Kevin Bhimani Blog #3
Topic: How do environmental issues register differently in different cultures?
I believe the notion of environmental issues, like many other issues on this planet, is entirely subjective. Some may think that immigration laws are not a problem, whereas others would care to differ. Some may think that countries shouldn’t go to war and that there is no point, but others will do anything to protect their country. Some people may think that there is not a global warming problem, whereas others would offer evidence refuting such claims. It is a situation that is not exclusive to just environmental issues such as degradation, fossil fuel consumption, biodiversity loss, and more. At the core of this though, is the sentiment that everything takes on a different connotation depending on who you talk to and the region of the world you are in. Different cultures will inherently have different mindsets on certain topics.
Angela Penrose detailed a story in her excerpt from Loosed Upon the World how a farm in Mexico was saved by a landslide by using old “junk” that was re-purposed into being an effective measure to preserve the crops. This “junk” was saved by the Abuelo in the story, and it was described as “piles of stuff he saved for some day when it might come in handy” (Penrose 335). Just that sentence can explain the dichotomy our society faces today in which most people in the U.S. would not think to save scraps of metal and Styrofoam, but in another country (in this case Mexico), these are seen as useful materials that could be very beneficial to have lying around. Additionally, we see that people in developed countries have no appreciation for things such as water because it is so readily available, but in places such as sub-Saharan Africa, this issue can be one of life or death. Moreover, pollution in a place like Beijing makes it dangerous to even be outside as the air quality is so low, but people here in Durham, North Carolina do not face the same problem. This discord with issues in my opinion stems from the immediacy of the issue to a person. A citizen living in Beijing will by very privy to the issues of air pollution as it is something that tangibly affects their day to day life, but a similar person in the United States might not have such a deep concern over the same issue. The same goes for people that call the Amazon rainforest their home and the fact that it is being degraded heavily affects their lives, but an average person in London for example will not share their plight. I think to advance the cause for making our collective home, Earth, a place that we can all share for centuries to come, we must be aware and have concern in environmental issues that don’t directly affect us. It is only then that we will be able to overcome the vast amount of problems we face today concerning the state of our environment.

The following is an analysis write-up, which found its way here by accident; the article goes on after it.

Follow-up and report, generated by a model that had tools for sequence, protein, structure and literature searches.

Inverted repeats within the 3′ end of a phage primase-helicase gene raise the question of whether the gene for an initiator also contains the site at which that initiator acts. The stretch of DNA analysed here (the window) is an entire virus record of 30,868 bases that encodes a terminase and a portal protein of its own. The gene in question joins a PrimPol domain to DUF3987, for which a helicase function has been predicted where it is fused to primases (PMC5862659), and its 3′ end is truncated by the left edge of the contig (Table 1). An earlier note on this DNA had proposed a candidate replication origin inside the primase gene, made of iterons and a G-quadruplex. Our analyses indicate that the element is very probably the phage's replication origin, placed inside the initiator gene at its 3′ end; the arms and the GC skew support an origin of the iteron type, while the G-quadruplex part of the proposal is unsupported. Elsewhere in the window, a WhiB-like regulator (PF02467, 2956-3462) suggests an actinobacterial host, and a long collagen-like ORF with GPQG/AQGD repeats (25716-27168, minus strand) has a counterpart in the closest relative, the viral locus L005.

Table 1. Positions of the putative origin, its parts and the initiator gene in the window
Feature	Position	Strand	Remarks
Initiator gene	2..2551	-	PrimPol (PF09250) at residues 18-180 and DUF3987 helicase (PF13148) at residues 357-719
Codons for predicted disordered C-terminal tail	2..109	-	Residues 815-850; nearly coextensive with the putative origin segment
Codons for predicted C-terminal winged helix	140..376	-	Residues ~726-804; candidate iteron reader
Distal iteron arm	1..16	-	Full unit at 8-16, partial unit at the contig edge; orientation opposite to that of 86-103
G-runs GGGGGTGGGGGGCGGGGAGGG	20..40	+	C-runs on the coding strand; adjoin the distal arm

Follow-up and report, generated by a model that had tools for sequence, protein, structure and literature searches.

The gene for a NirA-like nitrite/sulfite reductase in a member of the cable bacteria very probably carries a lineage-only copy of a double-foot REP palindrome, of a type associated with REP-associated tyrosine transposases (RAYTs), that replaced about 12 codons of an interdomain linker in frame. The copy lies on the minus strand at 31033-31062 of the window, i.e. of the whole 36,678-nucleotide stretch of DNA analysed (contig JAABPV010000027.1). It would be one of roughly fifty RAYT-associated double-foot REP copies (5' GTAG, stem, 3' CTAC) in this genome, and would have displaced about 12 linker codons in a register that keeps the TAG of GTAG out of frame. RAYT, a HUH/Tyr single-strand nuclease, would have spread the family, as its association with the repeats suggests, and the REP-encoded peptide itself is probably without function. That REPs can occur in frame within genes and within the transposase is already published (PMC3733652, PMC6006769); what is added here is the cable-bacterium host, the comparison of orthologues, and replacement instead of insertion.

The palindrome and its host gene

Penrose, Angela. “Staying Afloat.” Loosed upon the World: The Saga Anthology of Climate Fiction. New York: Saga, 2015. N. pag. Print.